Anyone running a business in the machinery and manufacturing sector knows that the only constant these days is change. As technology continues to evolve, the focus for manufacturing companies has shifted from a single-sale, product-driven revenue structure to a more complex, all-inclusive sales cycle. Instead of manufacturing companies constraining themselves with a simple transactional business model, they must re-imagine the sale to allow for greater stability within their customers’ cash flow structures.
What has emerged is an all-inclusive, low-risk, high-productivity solution: subscription-based sales models. Common in the software industry, subscription-based sales are gaining momentum in the manufacturing sector because they solve problems and mitigate risk. Manufacturing companies can expect a more predictable and long-term relationship with customers, while customers can eliminate the risk of owning a piece of machinery they don’t have the infrastructure or money to repair or replace as new technologies arise. The model is service-inclusive, often offering equipment installation, maintenance and even plant operation services as part of the sale.
For example, GE Oil & Gas and Diamond Offshore (a leader in offshore drilling) entered into a performance-based service agreement in 2016 for a subsea blowout preventer (also called BOP). This particular piece of equipment may range in value from $25 million to $60 million. With a new performance-based deal structure, Diamond Offshore paid GE based on the reliability and availability of the BOP. As a result, GE was able to keep the equipment on its balance sheet as an asset, allowing the large company to take on greater risk and assume a competitive advantage. GE was able to do this because of its size, but also due to its intimate understanding of the equipment and dependability of the BOP components. In order to make this groundbreaking agreement successful for both parties, GE needed to take on the research and development of subsea control and monitoring systems. With an investment in BOP operations, monitoring and maintenance, GE could confidently rest its bottom line on how well the BOP worked day-to-day. As for Diamond Offshore, offloading the BOP maintenance and repair work allowed the company to mitigate nonproductive time for their drillers and operators, thereby creating incredible upside in terms of cash flow and overall efficiency.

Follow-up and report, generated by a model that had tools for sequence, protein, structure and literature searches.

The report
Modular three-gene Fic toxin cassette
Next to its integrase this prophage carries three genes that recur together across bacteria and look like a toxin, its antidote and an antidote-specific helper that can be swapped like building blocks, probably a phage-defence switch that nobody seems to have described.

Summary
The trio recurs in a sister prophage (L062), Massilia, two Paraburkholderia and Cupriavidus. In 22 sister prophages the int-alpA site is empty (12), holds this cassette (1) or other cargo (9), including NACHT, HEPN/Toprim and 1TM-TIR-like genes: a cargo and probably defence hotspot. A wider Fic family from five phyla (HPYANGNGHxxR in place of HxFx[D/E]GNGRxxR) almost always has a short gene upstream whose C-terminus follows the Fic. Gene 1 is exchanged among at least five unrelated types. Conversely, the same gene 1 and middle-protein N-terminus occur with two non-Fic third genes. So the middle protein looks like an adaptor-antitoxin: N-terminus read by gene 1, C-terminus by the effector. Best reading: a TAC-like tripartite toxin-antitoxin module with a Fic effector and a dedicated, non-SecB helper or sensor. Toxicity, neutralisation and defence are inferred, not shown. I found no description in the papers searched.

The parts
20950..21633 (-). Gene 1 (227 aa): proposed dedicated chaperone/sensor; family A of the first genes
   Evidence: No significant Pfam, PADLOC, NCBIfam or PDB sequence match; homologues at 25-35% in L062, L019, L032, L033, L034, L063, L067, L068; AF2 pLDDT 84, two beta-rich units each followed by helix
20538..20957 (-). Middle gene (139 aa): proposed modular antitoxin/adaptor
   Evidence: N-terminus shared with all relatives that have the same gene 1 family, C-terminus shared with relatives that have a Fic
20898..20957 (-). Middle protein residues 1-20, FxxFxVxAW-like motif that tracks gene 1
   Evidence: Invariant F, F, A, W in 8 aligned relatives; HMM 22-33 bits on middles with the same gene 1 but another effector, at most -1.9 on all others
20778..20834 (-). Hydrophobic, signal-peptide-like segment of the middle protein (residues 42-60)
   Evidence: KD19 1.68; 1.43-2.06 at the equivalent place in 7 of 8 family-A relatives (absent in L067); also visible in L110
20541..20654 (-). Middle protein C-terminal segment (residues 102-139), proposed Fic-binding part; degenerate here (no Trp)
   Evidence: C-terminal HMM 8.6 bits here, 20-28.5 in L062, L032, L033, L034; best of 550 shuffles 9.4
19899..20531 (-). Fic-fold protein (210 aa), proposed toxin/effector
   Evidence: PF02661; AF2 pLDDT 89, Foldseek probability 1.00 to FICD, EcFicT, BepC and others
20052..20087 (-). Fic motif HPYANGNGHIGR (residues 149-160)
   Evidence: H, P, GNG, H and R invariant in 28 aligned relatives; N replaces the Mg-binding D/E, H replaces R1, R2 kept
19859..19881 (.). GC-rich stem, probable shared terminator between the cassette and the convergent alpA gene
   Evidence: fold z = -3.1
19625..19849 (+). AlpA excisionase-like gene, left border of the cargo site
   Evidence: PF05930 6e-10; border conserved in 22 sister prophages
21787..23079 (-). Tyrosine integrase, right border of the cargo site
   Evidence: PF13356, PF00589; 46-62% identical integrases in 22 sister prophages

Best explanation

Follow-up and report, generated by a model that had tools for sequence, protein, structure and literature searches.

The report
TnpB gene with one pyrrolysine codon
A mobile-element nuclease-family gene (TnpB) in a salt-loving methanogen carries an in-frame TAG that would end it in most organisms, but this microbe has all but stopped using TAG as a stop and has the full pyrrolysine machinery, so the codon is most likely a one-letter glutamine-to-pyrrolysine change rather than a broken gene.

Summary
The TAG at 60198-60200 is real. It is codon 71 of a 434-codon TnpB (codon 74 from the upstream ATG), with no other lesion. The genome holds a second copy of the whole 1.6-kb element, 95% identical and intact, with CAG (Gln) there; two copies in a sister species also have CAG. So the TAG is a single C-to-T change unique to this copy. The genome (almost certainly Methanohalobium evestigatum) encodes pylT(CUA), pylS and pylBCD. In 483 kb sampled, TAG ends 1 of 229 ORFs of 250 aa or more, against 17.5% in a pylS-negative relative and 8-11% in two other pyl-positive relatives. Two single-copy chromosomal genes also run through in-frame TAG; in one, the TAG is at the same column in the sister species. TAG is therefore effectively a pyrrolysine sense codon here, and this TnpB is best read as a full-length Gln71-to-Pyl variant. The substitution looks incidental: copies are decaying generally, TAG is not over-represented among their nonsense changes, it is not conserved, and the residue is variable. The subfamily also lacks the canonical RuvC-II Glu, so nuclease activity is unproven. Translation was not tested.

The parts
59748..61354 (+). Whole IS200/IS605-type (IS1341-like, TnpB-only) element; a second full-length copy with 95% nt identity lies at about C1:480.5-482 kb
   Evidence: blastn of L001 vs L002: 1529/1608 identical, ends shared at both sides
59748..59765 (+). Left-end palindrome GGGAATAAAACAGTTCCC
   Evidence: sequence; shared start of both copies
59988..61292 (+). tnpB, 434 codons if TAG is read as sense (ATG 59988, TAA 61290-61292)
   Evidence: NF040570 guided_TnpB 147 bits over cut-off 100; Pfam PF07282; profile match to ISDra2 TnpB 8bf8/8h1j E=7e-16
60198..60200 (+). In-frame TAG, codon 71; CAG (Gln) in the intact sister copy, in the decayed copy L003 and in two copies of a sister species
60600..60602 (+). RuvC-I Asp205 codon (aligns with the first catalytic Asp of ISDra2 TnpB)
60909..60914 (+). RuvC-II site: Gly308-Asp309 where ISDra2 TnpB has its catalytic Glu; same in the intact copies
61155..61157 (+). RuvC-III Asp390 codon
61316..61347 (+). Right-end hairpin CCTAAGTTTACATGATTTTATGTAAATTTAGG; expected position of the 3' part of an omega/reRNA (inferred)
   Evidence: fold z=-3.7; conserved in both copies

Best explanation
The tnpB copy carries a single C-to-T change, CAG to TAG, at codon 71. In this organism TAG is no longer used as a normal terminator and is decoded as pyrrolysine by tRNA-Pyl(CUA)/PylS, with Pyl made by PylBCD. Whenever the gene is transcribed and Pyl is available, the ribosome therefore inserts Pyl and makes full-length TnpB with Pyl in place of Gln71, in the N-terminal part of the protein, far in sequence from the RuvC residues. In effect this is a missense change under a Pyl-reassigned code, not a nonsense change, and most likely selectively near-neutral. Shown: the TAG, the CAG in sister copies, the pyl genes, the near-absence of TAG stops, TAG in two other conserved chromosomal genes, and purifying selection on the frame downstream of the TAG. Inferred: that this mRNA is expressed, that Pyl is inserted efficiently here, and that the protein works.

The benefits to agreements like GE and Diamond Offshore’s are plenty: customer satisfaction and efficiency increases, more predictable equipment costs, and steady, reliable cash flows. Manufacturing companies have the ability to truly become a partner and solutions provider to their customers. This kind of relationship, if successful, can last and grow for many years, increasing competitive advantage within a given industry. That said, such a shift can also be disruptive to the way a business operates from sales, marketing and operations teams to pricing structures, operations protocol, liability and financial structure. Making a change like this requires flexibility and innovation, and a greater focus on customers’ outcomes and ever-changing needs. For GE, that meant adjusting business to address Diamond Offshores’ greatest problems: time wasted repairing and maintaining the BOP. This required GE to learn a business and develop expertise to allow for a full partnership with Diamond Offshore in the BOP sale. It also meant reinventing their pricing structure to address this new relationship and new level of expertise and service around the BOP and related analytics.
As businesses move toward a subscription model, two major areas offer growth opportunities: operations and service. Manufacturing companies will need to allocate more people, money and time toward creating, understanding and managing the software and cloud analytics that help ensure maximum operational efficiencies. GE isn’t the only example out there. In fact, Emerson is also leveraging subscription-based sales to differentiate and capture long-lasting relationships. The company has created a host of products and capabilities that affords their customers a comprehensive process-improvement plan. Emerson’s Pervasive Sensing Center, accounting for $13 million of a $27 million investment in new technology and infrastructure, has been put to great use on Jurong Island in Singapore. The new technology allows for energy loss and equipment failure to be noticed in real-time, saving money and economizing manpower. For Jurong Island that has meant saving $150 million and sidestepping 450 kilotons of CO2 emissions.
Another great example is the partnership chemical company Quaker made with General Motors to address oil contamination in a GM plant’s cooling water. Quaker built out an innovative statistical model to pinpoint precisely where GM was losing oil which subsequently reduced oil consumption, eliminated clogged water lines and lowered overall water consumption. Quaker saved GM more than $800,000 annually and got paid on its ability to be a true solutions provider, not just a chemical supplier.
The Industrial sector has the opportunity to move quickly and capitalize on subscription sales through the growth of the IoT. This kind of innovative and nimble business strategy does require both changes in how they run day-to-day and early adoption from sales and marketing to operational teams. But with flexibility and targeted investments in the direction of a results-driven, customer-focused sales model, this kind of shift can change the course of the industrial and manufacturing world, allowing companies to grow in new, defining ways.
Patrick Mascia is Industrial General Manager at Catalant Technologies, Inc.